In the second analysis example, the same dendrite growth is measured using a more sophisticated image segmentation technique implemented with thresholding and morphological image processing functions from the scikit-image Python package. The input data (Figure 3 A and C) was noisy, so it was pre-processed within the same script. The final segmented result for selected frames is shown in Figure 3D, and 3E additionally gives a colored overlay on top of the filtered last frame. Various measurements can then be easily obtained from the segmented frames using another function in the scikit-image package. Figure 3 F shows 2 of the resulting measurements where both the length and area of the dendrite are plotted over time. On a PC with an Intel Core i7 8850H at 2.6 GHz, this entire process took <10 s, or 0.4 s per million image pixels. While this is far too slow to process all the data coming from the K3 IS camera in real-time, a subset of the data could be processed live in this way.


Beam-induced growth of Cu dendrites was captured at two very different time scales, both using the K3 IS in counted in-situ mode. In both cases, the incoming signal reaching the camera was very weak. At high speed, this was due to trade-offs necessary to balance spatial resolution, framerate, and electron dose rate. At slower speeds, the weak incoming signal was primarily due to the very low dose rate of just 1 e-/A2/s, which is three orders of magnitude less than for a typical HRTEM image. While small, these dose rates were still large enough to drive dendrite growth, though the growth rate was much smaller for the lower dose rate. The integration of Python in GMS enables analysis of this growth, and in the future, such analysis can be performed on a subset of the raw data in real-time during acquisition.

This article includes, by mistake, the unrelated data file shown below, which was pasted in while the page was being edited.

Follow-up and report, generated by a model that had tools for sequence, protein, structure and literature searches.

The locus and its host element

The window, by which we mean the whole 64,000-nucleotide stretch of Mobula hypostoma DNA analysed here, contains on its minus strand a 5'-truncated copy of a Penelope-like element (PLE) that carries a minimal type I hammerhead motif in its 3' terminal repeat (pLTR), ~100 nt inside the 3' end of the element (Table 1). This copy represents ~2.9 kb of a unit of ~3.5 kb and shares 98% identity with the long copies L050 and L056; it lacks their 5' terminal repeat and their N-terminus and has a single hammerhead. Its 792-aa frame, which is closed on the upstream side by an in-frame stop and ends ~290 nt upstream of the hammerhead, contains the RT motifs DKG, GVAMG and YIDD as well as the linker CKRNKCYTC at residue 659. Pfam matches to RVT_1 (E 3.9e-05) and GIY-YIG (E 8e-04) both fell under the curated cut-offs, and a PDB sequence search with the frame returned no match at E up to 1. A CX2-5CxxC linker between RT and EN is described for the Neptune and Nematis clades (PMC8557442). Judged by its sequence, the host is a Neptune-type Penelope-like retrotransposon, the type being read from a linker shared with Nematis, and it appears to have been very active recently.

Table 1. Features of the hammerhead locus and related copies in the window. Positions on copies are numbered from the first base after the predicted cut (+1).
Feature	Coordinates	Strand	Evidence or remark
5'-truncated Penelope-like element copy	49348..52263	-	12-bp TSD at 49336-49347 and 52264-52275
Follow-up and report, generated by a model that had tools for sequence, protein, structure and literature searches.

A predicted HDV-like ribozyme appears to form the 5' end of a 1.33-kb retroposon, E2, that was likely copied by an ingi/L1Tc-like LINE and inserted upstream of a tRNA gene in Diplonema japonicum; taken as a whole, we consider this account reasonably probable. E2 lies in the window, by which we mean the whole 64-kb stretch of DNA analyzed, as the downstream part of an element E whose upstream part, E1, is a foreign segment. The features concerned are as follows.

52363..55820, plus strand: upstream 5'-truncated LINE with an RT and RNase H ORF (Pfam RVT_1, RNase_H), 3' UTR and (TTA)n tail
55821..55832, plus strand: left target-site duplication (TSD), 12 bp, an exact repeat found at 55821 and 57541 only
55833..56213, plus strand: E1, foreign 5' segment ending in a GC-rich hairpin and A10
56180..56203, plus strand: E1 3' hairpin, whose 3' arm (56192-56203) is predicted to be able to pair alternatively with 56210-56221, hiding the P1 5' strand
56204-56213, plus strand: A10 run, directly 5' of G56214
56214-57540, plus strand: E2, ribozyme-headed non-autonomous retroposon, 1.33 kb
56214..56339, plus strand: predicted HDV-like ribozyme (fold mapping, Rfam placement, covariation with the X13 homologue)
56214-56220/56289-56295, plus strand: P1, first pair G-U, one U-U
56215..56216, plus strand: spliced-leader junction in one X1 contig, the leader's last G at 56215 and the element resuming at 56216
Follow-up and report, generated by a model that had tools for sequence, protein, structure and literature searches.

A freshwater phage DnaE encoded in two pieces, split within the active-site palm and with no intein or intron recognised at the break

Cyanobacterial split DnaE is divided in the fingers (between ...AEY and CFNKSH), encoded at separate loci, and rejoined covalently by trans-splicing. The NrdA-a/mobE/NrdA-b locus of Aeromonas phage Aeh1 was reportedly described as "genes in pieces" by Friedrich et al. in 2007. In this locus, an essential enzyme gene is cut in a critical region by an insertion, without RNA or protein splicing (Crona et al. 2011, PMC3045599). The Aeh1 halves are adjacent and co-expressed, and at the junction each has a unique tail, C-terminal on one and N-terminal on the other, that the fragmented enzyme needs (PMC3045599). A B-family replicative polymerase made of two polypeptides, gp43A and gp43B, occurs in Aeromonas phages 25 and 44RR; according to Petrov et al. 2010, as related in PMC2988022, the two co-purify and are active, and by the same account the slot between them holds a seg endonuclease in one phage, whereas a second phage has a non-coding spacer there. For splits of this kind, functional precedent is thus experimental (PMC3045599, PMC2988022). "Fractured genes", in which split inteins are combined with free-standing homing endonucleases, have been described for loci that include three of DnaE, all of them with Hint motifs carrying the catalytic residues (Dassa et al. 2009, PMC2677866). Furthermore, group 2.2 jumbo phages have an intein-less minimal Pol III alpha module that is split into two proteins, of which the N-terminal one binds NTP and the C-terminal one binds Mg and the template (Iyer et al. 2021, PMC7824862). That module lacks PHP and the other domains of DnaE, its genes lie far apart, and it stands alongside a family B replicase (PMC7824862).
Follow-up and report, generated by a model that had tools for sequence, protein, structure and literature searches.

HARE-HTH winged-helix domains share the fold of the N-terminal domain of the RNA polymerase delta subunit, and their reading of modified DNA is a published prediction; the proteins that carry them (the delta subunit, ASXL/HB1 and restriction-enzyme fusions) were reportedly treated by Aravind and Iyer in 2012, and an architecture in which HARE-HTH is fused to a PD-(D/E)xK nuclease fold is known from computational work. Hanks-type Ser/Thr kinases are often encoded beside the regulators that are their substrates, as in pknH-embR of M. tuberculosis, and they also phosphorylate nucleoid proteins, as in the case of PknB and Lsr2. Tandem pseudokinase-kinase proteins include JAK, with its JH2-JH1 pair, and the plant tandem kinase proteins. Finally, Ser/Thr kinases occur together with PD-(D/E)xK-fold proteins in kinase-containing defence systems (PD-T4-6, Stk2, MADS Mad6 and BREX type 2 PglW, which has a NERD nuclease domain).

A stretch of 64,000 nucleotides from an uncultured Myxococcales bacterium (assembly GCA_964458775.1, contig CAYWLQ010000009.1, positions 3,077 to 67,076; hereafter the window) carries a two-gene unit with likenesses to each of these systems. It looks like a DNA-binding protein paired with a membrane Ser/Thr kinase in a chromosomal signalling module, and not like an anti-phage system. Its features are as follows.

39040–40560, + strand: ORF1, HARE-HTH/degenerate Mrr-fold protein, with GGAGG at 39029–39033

This work made use of the EPIC facility of Northwestern University’s NUANCE Center, which has received support from the Soft and Hybrid Nanotechnology Experimental (SHyNE) Resource (NSF ECCS-1542205); the MRSEC program (NSF DMR-1720139) at the Materials Research Center; the International Institute for Nanotechnology (IIN); the Keck Foundation; and the State of Illinois, through the IIN

The sample used in this work was provided by Kun He (NUANCE).

Data was collected by Ben Miller (Gatan), Paul Smeets, and Roberto dos Reis (NUANCE).